Notes for 1/22/97 15-852 Randomized Algorithms
* the Minimum cut problem (Chapter 1.1, 10.2)
A simple, fast monte-carlo algorithm
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THE MINIMUM CUT PROBLEM
Given a graph G, a CUT is a set of edges whose removal splits the
graph into at least two connected components. The MINIMUM CUT is the
cut of minimum size. For instance, say this graph represents a
network, and we want to know how "robust" it is in the sense of the
the minimum number of links whose failure causes the network to become
disconnected. The minimum cut problem is to find a cut of minimum size.
Easy fact: the minimum cut has size at most the minimum degree of any node.
You're probably more familiar with the "s-t minimum cut" problem,
where you want a cut that separates to specific vertices s and t,
since this is the dual to the max flow problem. In fact, for a while,
the best algorithm for finding the global minimum cut was to solve the
s-t cut problem n times.
Here's a really simple randomized algorithm: [due to D. Karger]
THE SIMPLE ALGORITHM (view #1)
1. Pick an edge (x,y) at random in G.
2. CONTRACT the edge, keeping multi-edges, but removing self-loops.
(i.e., if there were edges (x,v) and (y,v), we keep both of them.)
3. If there are more than 2 nodes, go back to 1. Else, output the
edges remaining as your cut.
(Note: step 1 is NOT the same as picking two connected vertices x,y
at random. Why?)
Do example on graph: *-------*
/| |\
/ | | \
* | | *
\ | | /
\| |/
*-------*
Easy algorithm, want to show it has a reasonable (1/n^2) chance of working.
(So, run n^2 * log n times to get success w.h.p.)
EQUIVALENT FORMULATION:
1. Randomly rank the edges.
2. Use Kruskal to find minimum spanning tree (i.e., start with
lighted edge, then put in next lightest that connects two different
components, etc.)
3. remove the last edge. This gives you the two components.
ANALYSIS
--------
1) Say we fix some cut C. So long as none of edges in C have been
selected, C remains a cut. Reason: only contract edges, so things on
left side of C stay on left side, and things on right side stay on
right side.
2) in the course of the algorithm, does the min cut size go down or
up? Claim: any cut in the new graph is also a cut in the original
graph. Why? So, min cut size can't go down.
3) Say original graph has min cut of size k. Claim: when have n-i
nodes remaining (for some i>= 0), there are at least (n-i)k/2 edges in
the graph. Why?
The point of (3) is that we want to have lots of edges to reduce
the chance that we kill our favorite cut.
So,..... Fix some cut C of size k. What is the prob that C survives
the first round?
1 - k/(# edges) >= 1 - k/(nk/2) = 1 - 2/n.
Suppose it's survived so far, and there are now n-i vertices. Prov of
survival is at least:
1 - 2/(n-i).
So, prob that C survives overall is at least:
Prod_{i=0}^{n-3} (1 - 2/(n-i))
= (n-2)/n * (n-3)/(n-1) * (n-4)/(n-2) * ... * 1/3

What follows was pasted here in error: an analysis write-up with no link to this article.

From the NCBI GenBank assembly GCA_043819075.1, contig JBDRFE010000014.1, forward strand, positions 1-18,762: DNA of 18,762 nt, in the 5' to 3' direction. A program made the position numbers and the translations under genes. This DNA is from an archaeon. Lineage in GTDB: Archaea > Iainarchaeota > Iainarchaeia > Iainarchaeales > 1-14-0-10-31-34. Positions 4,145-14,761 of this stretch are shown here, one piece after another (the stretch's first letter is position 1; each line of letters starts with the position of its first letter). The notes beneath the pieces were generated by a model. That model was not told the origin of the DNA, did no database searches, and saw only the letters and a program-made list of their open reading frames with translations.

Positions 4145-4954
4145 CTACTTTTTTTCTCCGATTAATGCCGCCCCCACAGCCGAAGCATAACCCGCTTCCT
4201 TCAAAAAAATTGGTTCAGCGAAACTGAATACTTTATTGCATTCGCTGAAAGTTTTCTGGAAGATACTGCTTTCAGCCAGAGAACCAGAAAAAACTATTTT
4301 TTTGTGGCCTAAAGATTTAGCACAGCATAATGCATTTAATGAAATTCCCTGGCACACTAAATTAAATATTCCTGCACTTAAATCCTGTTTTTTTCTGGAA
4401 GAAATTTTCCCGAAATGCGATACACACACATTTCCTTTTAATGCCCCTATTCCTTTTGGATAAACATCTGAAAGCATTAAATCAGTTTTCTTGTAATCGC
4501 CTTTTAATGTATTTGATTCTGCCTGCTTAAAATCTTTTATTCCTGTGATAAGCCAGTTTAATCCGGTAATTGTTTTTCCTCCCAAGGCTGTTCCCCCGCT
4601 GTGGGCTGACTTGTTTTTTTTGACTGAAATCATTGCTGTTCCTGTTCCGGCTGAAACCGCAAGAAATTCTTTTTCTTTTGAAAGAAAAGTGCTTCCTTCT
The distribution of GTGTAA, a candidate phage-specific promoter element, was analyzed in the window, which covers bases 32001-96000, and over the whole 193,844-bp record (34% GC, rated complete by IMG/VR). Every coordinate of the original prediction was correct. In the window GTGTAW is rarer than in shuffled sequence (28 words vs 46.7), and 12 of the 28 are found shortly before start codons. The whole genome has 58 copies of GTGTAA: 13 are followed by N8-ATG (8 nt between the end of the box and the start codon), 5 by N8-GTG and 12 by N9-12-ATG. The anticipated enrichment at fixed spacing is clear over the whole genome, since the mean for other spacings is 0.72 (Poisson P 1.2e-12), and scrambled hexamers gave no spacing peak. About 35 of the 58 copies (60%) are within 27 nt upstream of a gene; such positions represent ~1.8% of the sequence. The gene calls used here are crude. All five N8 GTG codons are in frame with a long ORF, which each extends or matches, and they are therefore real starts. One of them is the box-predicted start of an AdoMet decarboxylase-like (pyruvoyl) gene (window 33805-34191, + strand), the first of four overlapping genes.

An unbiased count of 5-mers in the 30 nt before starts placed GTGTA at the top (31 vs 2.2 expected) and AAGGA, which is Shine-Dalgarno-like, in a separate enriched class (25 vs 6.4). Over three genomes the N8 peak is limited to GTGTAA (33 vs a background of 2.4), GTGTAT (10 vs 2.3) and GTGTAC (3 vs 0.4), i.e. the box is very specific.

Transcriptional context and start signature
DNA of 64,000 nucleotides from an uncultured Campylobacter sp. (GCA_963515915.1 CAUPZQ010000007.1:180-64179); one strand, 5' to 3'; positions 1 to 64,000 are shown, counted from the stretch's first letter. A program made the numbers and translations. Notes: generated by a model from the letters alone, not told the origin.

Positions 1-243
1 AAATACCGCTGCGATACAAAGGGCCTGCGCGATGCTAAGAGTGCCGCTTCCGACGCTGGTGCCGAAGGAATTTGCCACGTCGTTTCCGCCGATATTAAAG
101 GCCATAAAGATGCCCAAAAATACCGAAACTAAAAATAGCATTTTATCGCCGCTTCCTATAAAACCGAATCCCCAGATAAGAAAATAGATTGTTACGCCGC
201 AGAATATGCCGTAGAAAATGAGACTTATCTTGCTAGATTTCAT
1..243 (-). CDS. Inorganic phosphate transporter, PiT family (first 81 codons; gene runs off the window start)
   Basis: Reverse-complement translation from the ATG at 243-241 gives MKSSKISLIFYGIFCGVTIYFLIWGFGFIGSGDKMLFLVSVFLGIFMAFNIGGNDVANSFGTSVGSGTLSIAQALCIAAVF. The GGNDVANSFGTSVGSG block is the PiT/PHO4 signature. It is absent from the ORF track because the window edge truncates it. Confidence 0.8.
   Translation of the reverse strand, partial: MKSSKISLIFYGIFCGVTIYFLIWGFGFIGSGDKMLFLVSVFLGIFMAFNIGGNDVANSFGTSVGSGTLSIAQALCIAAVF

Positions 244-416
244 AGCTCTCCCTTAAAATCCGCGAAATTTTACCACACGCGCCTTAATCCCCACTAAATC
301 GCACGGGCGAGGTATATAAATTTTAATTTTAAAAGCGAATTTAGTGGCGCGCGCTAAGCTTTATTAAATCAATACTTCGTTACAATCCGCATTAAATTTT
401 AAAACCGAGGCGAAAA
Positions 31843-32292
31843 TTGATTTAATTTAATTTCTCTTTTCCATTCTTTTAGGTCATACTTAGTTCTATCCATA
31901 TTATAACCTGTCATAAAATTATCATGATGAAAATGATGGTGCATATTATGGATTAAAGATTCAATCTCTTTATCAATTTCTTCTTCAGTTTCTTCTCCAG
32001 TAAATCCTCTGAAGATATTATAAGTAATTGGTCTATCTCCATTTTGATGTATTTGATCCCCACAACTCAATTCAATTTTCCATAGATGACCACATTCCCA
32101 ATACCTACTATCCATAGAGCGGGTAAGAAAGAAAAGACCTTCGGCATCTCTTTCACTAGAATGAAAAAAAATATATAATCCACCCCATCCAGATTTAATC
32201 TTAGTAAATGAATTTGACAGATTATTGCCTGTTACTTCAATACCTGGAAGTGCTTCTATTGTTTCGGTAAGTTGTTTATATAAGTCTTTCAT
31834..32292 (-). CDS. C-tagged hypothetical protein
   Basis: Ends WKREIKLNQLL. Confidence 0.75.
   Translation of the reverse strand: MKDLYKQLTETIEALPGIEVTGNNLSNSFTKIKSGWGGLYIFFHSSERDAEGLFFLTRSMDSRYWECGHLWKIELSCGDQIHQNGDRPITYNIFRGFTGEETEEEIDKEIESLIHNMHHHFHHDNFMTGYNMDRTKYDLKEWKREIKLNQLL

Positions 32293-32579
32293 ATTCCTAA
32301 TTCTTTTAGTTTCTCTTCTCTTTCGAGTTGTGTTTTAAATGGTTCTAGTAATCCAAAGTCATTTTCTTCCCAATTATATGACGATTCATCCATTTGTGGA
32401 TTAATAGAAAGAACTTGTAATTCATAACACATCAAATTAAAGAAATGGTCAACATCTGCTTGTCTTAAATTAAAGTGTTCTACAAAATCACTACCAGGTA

= 2/(n(n-1))
Neat implication: How many minimum cuts are there? A: at most n(n-1)/2.
Running time: can implement in O(m log m) time, or O(n^2) time,
results in O(mn^2 log^2 n) overall if we run it O(n^2 log(n)) times.
Simple, but not all THAT fast. How can we speed all this up?
SPEEDING UP THE ALGORITHM [Due to D. Karger and C. Stein]
-------------------------
Claim: earlier steps are less risky than later steps. Why?
At what point is our chance of having lost C about 50/50?
Ans: when we have about n/sqrt(2) vertices left. By that time, our
success probability is about:
(n/sqrt(2))^2 / n^2 = 1/2.
So, this suggests a speedup:
Instead of repeating from the start, let's repeat from only
partway down. E.g., from when we had just n/sqrt(2) vertices left.
Idea: build a binary tree.
Depth is 2lg(n). # leaves is n^2.
Can think of as: each edge is independently destroyed with prob 1/2.
What's the probability some path to a leaf survives?
(can think of the strategy of doing n^2 repititions as a root
with n^2 branches leading, in depth 2lg(n) to n^2 leaves.)
First, what is running time:
T(n) = O(n^2) + 2T(n/sqrt(2)) = O(n^2 log n)
Now: want to show that a path survives with probability at least 1/log(n).
Proof:
For tree of depth d, let P_d be the probability a path survives.
Looking recursively, we get:
P_d = (1/2) P_{d-1} + (1/4)(1 - (1-P_{d-1})^2)
= (1/2) P_{d-1} + (1/4)(2P_{d-1} - (P_{d-1})^2)
= P_{d-1} - (1/4) (P_{d-1})^2.
We can now verify that P_d > 1/d, since:
1/(d-1) - 1/(4(d-1)^2) > 1/(d-1) - 1/(d(d-1)) = 1/d
So, we can just run our algorithm log^2(n) times to get good
probability of success.
One good way of looking at what we've shown is this: we have shown
that we can replace n^2 indepdendent runs of the algorithm by n^2
DEPENDENT runs of the algorithm in a way that drastically reduces
running time ((n^2 * cost-of-one-run) versus (log(n) * cost-of-one-run),
but only slightly reduces the chance of success (constant versus 1/log(n)).